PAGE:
A ripe, animal stench reached my nostrils and I fought not to gag. He smiled wider at that, showing wickedly sharp incisors that could crack an elephant’s thigh bone all so he could suck the marrow.

More corpse candles appeared circling us in a bobbing, weaving ring of purple light and I could believe the old stories where they led unwary travellers to their death. Their beauty made the thing in front of me all the more perverse and the fear crackled along the length of my spine, forcing the hairs on the back of my neck to attention.

“How do you like your final resting place,” he said indicating Arthur Seat and Holyrood Park with a sweep of his arm.

And then he lunged.

High Spirits

Storm clouds gravid with snow mobbed a sickly sky, tainting the jaundiced daylight a death-bed sepia. I trudged to my next job through the detritus from the last snow fall, virginal purity violated without so much as a proposal to show for it. As I was nursing a particularly vicious hang-over, I felt pretty ravaged myself. The address I’d been given was in the Grange, Edinburgh’s most exclusive post code. It was only half an hours walk from my flat in Bruntsfield, but in terms of the aspirations of a worker ant like me, it was like a mouse pining for a castle on the moon. My blinding headache jarred every step of the way turning the short journey into an epic worthy of Homer never mind NASA. When I finally lurched into the right street I was greeted by the first line of defence of the rich: the seemingly endless vista of anonymous tree lined street; the second being the high stone walls, over which nothing was visible, presumably to discourage the crass curiosity of those vulgar enough to be less fortunate.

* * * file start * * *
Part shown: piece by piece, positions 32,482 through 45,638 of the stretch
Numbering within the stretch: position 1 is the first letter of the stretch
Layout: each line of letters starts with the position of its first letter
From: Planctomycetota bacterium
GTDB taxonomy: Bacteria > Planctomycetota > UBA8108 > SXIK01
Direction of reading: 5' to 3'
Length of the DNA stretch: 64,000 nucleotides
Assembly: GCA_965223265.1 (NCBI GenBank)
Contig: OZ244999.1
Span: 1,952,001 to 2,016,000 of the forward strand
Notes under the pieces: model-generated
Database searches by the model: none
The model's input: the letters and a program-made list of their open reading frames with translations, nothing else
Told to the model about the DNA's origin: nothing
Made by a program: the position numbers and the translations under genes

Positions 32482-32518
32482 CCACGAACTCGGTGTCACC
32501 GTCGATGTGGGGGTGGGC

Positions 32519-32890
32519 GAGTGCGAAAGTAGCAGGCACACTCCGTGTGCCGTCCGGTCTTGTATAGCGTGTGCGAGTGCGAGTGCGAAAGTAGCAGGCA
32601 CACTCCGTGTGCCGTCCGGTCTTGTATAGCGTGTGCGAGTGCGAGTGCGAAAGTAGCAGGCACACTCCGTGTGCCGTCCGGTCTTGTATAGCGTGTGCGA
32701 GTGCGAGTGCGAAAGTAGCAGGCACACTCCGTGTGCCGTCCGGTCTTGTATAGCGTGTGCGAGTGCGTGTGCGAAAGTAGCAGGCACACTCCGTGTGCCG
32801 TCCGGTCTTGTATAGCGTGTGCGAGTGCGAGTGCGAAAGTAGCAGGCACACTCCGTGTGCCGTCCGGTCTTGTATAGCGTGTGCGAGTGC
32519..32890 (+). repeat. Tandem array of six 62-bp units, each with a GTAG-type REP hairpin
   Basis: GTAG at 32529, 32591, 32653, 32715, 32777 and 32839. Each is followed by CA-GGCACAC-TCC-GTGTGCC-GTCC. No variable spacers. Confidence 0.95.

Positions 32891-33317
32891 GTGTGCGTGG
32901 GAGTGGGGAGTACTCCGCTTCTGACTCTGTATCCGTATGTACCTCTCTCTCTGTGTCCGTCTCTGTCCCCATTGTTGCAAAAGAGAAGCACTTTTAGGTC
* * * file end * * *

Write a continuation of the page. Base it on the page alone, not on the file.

If I had known then what I know now, I’d have told my erstwhile employers exactly where to stick their sicko ‘requirements’. Maybe they, along with half the street, would still be alive now…

Cupboard Love